Looking back on my life, there is one very good reason I wish I had been a professional footballer. I can live without the fame and fortune, it turns out, and while it saddens me that I will never appear on Dancing on Ice, I have learned to bear that pain as well. No, the real reason I wish I'd been a professional footballer is so that someday, way down the line, EA Canada would give me a one-of-a-kind player card in FIFA Ultimate Team.
EA Canada uses a range of colours that will be well known to players to determine each footballer's quality, rarity and value in Ultimate Team, its Panini sticker-inspired trading game mode for the FIFA series (although the sticker/card stuff is apparently last-gen thinking - EA Canada tells me cards are now known as "items"). Colours run through bronze, silver, gold, black (in-form), red (Man of the Match), blue (Team of the Year) and more recently white (the Xbox-exclusive FUT Legends). For those who achieve professional footballer status in the real world, however, there is one more rung to climb. They alone qualify for a teal card.
Little knowledge of these teal-coloured trinkets exists online. Professional football players have occasionally tweeted about their upgraded item and chatter on the official forum periodically turns to a topic that has gone largely unacknowledged by EA. The company is normally quick to highlight the popularity of its game with sports stars, but for whatever reason it has remained tight-lipped about simple stuff like who is eligible, which stars have a teal item and how they got them. After much harrying and digging, though, we finally have some answers.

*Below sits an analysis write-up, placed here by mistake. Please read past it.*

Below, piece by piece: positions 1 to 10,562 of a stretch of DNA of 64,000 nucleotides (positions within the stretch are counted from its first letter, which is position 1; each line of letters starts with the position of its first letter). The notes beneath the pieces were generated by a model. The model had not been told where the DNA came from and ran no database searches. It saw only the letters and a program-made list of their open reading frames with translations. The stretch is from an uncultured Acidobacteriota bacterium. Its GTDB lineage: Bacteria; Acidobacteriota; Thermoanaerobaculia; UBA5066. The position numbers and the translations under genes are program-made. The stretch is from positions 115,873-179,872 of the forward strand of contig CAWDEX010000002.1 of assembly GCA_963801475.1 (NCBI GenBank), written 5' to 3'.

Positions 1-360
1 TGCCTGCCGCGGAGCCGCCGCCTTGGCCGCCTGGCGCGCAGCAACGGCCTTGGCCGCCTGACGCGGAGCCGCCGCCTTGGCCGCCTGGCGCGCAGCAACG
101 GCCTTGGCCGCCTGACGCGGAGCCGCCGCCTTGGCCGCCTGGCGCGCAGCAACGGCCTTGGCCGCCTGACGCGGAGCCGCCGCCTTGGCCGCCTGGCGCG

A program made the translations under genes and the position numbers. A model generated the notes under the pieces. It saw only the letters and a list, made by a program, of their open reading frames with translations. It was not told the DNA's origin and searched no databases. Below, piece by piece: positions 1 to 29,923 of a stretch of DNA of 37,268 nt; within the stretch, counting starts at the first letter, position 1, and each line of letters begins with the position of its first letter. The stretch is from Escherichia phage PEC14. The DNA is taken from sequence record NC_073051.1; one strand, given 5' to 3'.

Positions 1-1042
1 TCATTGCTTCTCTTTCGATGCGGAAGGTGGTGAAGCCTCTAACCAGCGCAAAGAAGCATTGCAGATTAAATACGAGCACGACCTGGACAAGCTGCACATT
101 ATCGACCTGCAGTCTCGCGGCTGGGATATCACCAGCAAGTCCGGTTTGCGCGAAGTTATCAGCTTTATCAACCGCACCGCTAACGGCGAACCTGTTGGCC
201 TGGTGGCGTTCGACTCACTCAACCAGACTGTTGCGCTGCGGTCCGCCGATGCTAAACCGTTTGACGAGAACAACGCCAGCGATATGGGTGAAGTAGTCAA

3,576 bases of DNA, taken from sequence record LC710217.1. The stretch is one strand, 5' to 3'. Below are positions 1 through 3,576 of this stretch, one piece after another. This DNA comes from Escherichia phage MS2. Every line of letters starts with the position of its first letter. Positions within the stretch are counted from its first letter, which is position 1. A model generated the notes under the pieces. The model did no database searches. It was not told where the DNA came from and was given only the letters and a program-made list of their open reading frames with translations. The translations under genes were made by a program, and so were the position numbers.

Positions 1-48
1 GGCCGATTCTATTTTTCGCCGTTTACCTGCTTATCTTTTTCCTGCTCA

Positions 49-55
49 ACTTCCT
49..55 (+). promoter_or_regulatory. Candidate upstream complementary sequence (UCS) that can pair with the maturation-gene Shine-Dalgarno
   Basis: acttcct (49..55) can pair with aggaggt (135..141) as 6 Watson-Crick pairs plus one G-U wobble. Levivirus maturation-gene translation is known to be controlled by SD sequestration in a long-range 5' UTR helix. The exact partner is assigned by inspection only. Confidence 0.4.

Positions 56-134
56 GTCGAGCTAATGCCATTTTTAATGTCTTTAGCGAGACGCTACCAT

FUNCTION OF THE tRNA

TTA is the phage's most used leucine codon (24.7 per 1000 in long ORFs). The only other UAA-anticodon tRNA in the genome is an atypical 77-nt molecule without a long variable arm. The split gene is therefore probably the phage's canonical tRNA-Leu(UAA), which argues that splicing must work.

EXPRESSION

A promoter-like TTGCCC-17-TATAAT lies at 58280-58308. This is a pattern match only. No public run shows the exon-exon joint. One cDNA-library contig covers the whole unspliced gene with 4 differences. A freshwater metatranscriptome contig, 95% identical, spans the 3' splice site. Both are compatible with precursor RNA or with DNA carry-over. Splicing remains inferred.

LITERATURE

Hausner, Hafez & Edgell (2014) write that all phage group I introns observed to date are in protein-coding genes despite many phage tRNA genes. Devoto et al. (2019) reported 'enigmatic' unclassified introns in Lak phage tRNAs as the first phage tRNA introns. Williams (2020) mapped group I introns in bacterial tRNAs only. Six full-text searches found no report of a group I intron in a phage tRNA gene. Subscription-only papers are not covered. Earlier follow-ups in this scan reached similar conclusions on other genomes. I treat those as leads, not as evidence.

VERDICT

"The process varies from player to player," an EA Sports representative tells me, somewhat reluctantly after I turn up on the local touchline in a sheepskin jacket and start waving a microphone at him. "But usually it's either that the player has reached out to us asking for one to enjoy in his FIFA Ultimate Team, or that we have an existing relationship with that player and we offer it to them knowing that they play FUT, of which Luke Shaw and Gareth Bale are two great examples."
Liverpool's Jose Enrique was the first player to cause a stir when his advanced item was spotted in the wild by an extremely confused opponent back in the days of FIFA 12. Instead of teal, the Spaniard owned a heavily improved black card that appeared similar to a Team of the Week release. Those cards are generally known as "in-forms" and have slightly boosted stats, but Enrique's had near-perfect stats instead. Eagle-eyed PlayStation 3 players found the Enrique card for sale at 10 million coins - an absolute fortune in the game's currency.
Something similar then happened when Joey Barton's teal card, again with near-perfect stats, was put onto the market by his dissatisfied brother - as revealed by football's very own Friedrich Nietzsche with a sweary announcement on Twitter. Barton's unwanted item sold for 15 million coins, likely the highest total in Ultimate Team history. The enhanced version appeared in a YouTube review by prominent FIFA user Curtis Gooners, who revealed that coin-trading outfit FIFA Coins Online snapped up the teal monster and lent him out especially for the video.